Poor customer service and an overreliance on a copper network that may not meet the future needs of rural homes and businesses are the main challenges set out in a report by an influential group of MPs.
The CLA, which represents more than 32,000 farmers, landowners and other rural businesses, has called on Ministers and BT to act quickly to set out its plans for addressing these failings and to deliver the broadband connections our countryside needs.
The report welcomes the Government’s commitment to a legal right to broadband at least 10 megabits per second.
However, the organisation questions whether the timeframe for bringing it in (by the end of 2020) is soon enough; whether the minimum speed suggested will be sufficient in the future and whether there is sufficient investment planned in new infrastructure to replace the copper, domestic phone line, network.
CLA Deputy President Tim Breitmeyer said: "The Government’s commitment to a broadband universal service obligation was a major breakthrough for those of us who have campaigned for an end to the discrimination felt by those that live and work in the countryside.
"The day this legal right to a superfast broadband connection becomes law cannot come a day too soon and we support the MPs’ challenge to government to see if it can be brought in earlier than the current target of end of 2020.
"MPs have challenged Government and BT to rethink their longstanding strategy of targeting the easiest to reach premises first and their reliance on the existing copper wire network rather than fibre-optic, mobile or other wireless connection methods.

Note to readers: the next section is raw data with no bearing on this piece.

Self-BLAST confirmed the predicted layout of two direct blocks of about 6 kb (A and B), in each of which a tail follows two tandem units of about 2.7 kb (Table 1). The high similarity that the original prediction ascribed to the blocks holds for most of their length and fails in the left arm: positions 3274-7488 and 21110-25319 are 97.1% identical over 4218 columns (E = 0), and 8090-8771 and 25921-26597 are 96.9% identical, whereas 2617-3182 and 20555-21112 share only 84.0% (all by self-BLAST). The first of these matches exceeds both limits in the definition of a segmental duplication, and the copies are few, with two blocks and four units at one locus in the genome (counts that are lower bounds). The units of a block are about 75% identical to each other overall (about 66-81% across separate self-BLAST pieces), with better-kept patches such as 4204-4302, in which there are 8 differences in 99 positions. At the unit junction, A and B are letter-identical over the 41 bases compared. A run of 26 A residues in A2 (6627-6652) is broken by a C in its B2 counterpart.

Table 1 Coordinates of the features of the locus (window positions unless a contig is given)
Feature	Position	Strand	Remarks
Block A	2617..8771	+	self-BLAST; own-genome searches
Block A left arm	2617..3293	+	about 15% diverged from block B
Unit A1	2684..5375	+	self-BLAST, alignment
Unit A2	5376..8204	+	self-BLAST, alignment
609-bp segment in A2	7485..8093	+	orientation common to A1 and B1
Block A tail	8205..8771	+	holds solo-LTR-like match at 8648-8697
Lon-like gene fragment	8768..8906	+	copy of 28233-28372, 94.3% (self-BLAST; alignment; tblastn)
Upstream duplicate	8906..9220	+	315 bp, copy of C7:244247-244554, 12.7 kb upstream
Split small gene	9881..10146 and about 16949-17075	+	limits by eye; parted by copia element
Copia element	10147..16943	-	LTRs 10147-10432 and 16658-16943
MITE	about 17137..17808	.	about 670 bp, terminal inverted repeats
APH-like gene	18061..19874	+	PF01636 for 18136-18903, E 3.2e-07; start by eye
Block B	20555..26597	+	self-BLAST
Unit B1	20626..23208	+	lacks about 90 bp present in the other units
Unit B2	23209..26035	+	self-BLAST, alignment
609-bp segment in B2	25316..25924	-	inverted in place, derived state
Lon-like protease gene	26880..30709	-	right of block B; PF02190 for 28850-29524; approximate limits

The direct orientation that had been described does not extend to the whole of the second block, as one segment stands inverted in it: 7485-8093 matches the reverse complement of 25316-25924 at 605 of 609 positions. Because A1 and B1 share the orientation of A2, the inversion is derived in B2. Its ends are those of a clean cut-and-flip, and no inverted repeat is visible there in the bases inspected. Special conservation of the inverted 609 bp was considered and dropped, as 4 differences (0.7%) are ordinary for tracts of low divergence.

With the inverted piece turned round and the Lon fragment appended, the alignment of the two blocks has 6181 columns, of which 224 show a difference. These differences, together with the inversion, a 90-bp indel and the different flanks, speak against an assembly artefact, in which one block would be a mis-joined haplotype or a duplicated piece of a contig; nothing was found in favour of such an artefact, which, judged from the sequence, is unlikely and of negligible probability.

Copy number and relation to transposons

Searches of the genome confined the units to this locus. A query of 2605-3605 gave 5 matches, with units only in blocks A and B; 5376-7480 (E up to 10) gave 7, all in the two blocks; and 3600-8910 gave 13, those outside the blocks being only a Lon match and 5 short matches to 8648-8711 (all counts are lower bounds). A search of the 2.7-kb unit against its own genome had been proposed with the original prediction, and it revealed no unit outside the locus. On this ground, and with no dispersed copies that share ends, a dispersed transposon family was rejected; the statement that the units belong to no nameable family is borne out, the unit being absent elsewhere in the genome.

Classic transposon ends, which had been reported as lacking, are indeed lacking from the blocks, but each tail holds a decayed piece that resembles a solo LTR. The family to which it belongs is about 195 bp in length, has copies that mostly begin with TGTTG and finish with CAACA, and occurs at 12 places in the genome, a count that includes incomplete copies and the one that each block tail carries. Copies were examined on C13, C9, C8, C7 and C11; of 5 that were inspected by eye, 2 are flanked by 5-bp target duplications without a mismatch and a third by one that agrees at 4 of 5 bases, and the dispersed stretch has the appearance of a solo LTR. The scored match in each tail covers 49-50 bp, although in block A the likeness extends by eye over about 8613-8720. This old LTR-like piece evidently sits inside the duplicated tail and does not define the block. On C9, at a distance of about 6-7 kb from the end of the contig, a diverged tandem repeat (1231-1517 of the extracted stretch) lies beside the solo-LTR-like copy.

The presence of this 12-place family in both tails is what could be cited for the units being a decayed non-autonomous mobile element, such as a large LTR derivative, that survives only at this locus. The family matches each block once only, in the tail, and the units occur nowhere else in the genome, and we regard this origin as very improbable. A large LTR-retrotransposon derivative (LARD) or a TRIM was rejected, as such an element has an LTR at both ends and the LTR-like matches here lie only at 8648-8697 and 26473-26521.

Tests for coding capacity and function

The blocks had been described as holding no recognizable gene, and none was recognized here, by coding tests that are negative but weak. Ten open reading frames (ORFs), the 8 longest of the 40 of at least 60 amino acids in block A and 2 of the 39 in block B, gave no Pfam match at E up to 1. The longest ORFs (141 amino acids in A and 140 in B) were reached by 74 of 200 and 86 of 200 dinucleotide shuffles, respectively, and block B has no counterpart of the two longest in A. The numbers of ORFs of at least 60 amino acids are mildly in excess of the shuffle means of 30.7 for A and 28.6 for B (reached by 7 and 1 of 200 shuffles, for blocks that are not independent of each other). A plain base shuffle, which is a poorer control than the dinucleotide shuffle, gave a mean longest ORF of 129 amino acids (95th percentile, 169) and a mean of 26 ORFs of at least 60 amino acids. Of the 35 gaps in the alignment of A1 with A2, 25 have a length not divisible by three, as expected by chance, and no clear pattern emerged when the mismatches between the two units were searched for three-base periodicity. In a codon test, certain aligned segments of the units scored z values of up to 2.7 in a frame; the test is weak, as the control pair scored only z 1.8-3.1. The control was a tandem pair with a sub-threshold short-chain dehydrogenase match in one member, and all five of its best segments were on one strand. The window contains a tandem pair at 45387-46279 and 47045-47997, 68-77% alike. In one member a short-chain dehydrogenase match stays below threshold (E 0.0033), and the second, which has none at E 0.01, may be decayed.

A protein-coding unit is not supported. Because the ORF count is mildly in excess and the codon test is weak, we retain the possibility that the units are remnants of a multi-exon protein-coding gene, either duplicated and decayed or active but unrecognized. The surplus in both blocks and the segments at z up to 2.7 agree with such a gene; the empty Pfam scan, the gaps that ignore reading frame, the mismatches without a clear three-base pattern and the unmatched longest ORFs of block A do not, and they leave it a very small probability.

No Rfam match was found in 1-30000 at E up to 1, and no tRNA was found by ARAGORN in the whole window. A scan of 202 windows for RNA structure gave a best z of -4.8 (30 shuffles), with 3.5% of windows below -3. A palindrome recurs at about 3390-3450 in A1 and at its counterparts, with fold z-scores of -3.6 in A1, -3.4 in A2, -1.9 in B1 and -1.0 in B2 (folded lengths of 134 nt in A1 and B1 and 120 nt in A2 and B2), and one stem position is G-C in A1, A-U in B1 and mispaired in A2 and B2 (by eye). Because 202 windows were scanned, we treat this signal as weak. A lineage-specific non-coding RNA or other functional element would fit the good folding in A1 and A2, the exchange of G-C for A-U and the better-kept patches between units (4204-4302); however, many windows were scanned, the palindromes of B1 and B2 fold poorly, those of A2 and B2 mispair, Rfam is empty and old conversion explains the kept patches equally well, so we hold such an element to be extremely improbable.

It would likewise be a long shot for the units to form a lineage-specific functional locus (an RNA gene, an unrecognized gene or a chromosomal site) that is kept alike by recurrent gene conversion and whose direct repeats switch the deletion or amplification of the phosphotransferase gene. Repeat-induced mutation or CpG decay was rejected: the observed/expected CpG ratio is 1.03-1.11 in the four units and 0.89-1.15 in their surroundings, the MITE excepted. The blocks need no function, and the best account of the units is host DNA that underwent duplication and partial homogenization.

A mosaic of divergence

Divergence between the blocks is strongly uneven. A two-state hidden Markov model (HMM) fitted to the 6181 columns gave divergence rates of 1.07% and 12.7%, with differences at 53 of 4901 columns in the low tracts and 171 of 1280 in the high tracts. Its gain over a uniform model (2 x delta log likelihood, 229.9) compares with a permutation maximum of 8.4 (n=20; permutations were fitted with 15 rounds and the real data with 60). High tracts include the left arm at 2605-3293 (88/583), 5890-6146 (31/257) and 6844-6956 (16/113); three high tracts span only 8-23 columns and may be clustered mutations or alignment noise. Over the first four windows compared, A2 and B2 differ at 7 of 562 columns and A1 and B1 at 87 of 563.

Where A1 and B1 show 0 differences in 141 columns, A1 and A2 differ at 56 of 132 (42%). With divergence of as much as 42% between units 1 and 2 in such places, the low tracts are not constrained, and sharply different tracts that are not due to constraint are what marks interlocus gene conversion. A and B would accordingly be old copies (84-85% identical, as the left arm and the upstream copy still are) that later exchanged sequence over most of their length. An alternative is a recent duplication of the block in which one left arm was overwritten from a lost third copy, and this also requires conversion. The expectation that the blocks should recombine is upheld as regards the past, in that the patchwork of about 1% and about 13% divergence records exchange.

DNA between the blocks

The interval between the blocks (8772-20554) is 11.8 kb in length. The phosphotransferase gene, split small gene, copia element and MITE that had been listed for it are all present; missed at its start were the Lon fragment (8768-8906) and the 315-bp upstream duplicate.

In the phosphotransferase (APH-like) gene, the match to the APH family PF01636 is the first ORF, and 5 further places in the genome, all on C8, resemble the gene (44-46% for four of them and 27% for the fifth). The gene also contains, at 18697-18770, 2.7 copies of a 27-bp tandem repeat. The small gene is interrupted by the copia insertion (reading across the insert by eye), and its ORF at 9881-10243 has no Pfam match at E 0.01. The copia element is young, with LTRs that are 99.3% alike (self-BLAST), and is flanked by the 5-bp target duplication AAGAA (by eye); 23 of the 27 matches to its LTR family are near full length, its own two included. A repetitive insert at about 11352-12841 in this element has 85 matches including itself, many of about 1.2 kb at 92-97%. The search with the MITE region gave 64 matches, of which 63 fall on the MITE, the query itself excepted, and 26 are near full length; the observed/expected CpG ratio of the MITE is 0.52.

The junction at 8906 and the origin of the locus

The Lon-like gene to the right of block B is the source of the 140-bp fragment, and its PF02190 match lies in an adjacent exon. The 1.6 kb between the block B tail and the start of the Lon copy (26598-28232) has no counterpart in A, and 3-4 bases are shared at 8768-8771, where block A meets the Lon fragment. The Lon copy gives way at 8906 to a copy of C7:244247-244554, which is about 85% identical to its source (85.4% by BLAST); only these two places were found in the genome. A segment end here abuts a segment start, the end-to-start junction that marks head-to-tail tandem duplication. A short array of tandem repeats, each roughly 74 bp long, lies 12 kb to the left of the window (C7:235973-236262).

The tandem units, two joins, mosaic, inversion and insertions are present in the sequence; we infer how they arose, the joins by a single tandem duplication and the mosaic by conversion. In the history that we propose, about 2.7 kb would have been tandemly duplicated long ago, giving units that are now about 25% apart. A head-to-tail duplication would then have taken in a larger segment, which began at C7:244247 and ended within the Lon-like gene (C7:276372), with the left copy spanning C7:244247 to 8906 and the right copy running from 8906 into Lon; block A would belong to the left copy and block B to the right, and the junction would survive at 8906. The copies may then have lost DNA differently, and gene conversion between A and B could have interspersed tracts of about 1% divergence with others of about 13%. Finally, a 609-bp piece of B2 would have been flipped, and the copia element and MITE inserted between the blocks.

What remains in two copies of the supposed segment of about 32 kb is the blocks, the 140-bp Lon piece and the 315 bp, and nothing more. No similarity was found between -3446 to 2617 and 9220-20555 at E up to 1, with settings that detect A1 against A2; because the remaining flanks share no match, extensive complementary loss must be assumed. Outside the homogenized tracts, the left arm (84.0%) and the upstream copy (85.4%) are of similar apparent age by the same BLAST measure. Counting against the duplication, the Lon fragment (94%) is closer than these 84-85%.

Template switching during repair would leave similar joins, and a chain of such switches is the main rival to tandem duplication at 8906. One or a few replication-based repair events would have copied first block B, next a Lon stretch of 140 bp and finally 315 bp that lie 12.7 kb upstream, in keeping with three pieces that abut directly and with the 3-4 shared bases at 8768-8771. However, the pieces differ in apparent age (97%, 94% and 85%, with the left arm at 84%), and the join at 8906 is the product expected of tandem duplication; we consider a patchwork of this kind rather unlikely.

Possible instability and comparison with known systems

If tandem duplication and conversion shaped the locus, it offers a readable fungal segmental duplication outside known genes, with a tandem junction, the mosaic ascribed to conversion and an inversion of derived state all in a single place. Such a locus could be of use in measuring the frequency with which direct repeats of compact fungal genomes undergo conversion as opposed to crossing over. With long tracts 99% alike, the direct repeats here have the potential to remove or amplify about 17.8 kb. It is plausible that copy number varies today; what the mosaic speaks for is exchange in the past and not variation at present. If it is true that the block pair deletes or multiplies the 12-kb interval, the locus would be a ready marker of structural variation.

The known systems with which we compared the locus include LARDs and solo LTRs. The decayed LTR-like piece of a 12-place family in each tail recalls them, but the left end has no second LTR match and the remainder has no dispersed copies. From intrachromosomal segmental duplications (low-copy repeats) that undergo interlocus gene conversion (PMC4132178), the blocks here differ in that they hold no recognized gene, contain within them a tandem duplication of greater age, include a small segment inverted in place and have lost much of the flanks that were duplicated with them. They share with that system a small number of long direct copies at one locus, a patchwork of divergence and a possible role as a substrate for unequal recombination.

"MPs are right to point out the risks of this strategy in failing to end the digital divide between our towns and countryside.
"Rural communities and small alternative providers need immediate clarity from Openreach as to the extent of their roll-out plans for fibre, so that other solutions can be chosen if required.
"As the Government implements the universal service obligation, it must include clear targets for replacing and upgrading infrastructure, such as replacing copper wires with fibre optic cables, in rural areas.
"We do not have to accept a model whereby our rural areas wait in line behind urban centres, and we won’t."
'Not a luxury, but a necessity'
The Countryside Alliance has said the finding is disappointing for rural residents and businesses.
Head of Policy, Sarah Lee said: "Digital communication is no longer a luxury but a necessity and we all need meaningful access to it.
"To achieve this we need a Government whose digital vision is ambitious and telecommunication companies who are prepared to invest in our future and meet the demands of individual consumers and businesses.
"The Countryside Alliance champions the contribution the rural economy could make if it was part of this digital revolution, so the concerns raised by the DCMS Select Committee regarding the under investment in Openreach are alarming.
"The Government and Ofcom need to put consumers at the heart of their decision making process, as it is vital that we end up with a competitive broadband market that delivers the modern digital services and the infrastructure Britain desperately needs, wherever you live."
"If we want to have a digital economy that is world leading then we need to invest in our infrastructure and ensure we have a competitive broadband market with end-to-end competition which is effective and sustainable, including delivering connectivity to the countryside and other hard to reach areas."